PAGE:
Baltimore museum has strong case in Renoir theft

Associated Press
This undated image provided by the Potomack Company shows an apparently original painting by French impressionist Pierre-Auguste Renoir that was acquired by a woman from Virginia who stopped at a flea market in West Virginia and paid $7 for a box of trinkets that included the painting. An auction house has put on hold the sale of a painting believed to be by French impressionist Pierre-Auguste Renoir that a woman bought at a West Virginia flea market because a reporter found evidence someone stole the painting from the Baltimore Museum of Art.  A Washington Post reporter discovered documents in the museum’s library showing the painting was there from 1937 until 1949. Museum officials then found paperwork showing the painting, “Paysage Bords de Seine,” was stolen in 1951.   (AP Photo/Potomack Company)
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This undated image provided by the Potomack Company shows an apparently original painting by French impressionist Pierre-Auguste Renoir that was acquired by a woman from Virginia who stopped at a flea market in West Virginia and paid $7 for a box of trinkets that included the painting. An auction house has put on hold the sale of a painting believed to be by French impressionist Pierre-Auguste Renoir that a woman bought at a West Virginia flea market because a reporter found evidence someone stole the painting from the Baltimore Museum of Art. A Washington Post reporter discovered documents in the museum’s library showing the painting was there from 1937 until 1949. Museum officials then found paperwork showing the painting, “Paysage Bords de Seine,” was stolen in 1951. (AP Photo/Potomack Company)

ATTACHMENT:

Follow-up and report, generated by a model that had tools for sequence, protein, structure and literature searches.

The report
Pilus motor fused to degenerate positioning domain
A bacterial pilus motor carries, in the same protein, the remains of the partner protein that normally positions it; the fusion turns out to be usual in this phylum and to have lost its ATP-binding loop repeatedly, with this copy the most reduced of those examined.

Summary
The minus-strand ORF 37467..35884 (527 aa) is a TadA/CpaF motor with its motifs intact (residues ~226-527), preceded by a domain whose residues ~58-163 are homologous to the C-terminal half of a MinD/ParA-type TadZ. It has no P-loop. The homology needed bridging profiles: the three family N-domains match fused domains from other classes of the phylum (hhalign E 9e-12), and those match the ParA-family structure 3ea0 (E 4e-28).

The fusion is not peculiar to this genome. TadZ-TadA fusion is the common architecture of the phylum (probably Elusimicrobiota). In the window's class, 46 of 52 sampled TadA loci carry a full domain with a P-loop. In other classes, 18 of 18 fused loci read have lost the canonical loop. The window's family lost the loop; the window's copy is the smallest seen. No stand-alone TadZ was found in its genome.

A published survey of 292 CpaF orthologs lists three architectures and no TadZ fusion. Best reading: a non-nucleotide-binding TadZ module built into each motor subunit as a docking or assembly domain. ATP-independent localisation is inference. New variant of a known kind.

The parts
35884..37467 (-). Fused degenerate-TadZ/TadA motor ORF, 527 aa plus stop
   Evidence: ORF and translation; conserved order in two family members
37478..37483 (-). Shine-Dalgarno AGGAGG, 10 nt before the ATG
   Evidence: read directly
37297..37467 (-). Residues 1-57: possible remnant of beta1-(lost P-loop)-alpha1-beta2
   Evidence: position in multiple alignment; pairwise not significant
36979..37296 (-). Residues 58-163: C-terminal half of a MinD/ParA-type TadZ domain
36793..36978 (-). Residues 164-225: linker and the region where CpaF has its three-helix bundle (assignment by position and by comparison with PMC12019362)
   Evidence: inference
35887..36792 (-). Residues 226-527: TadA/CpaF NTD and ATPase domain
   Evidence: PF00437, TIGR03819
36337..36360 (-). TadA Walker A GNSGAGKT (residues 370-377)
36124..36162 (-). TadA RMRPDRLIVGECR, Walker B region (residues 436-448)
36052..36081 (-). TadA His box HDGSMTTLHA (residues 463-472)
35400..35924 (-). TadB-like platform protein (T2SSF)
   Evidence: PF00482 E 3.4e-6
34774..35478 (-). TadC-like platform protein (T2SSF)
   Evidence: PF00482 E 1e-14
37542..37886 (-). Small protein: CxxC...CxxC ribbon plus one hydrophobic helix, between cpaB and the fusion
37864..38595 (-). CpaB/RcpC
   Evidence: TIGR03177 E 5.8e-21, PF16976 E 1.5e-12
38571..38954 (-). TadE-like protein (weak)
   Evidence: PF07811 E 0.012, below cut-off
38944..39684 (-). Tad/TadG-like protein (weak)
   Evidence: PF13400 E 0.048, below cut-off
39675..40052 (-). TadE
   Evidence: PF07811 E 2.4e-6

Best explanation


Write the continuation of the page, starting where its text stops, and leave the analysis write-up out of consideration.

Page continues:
WASHINGTON (AP) — An expert on art thefts says the Baltimore Museum of Art likely has a strong case to reclaim a Renoir painting that was stolen in 1951 and turned up recently at a West Virginia flea market.

Former FBI investigator Robert Wittman says the painting's dimensions and composition are key in matching it to a stolen piece.

A woman bought the painting for $7 at the flea market and it was expected to fetch $75,000 at a now-postponed auction.

Museum officials were combing through paper records Friday to learn more about the theft nearly 61 years ago. So far, they have found a record documenting the painting was on loan from art patron Saidie A. May.

It's the only record they've found of the painting being stolen while on exhibition.

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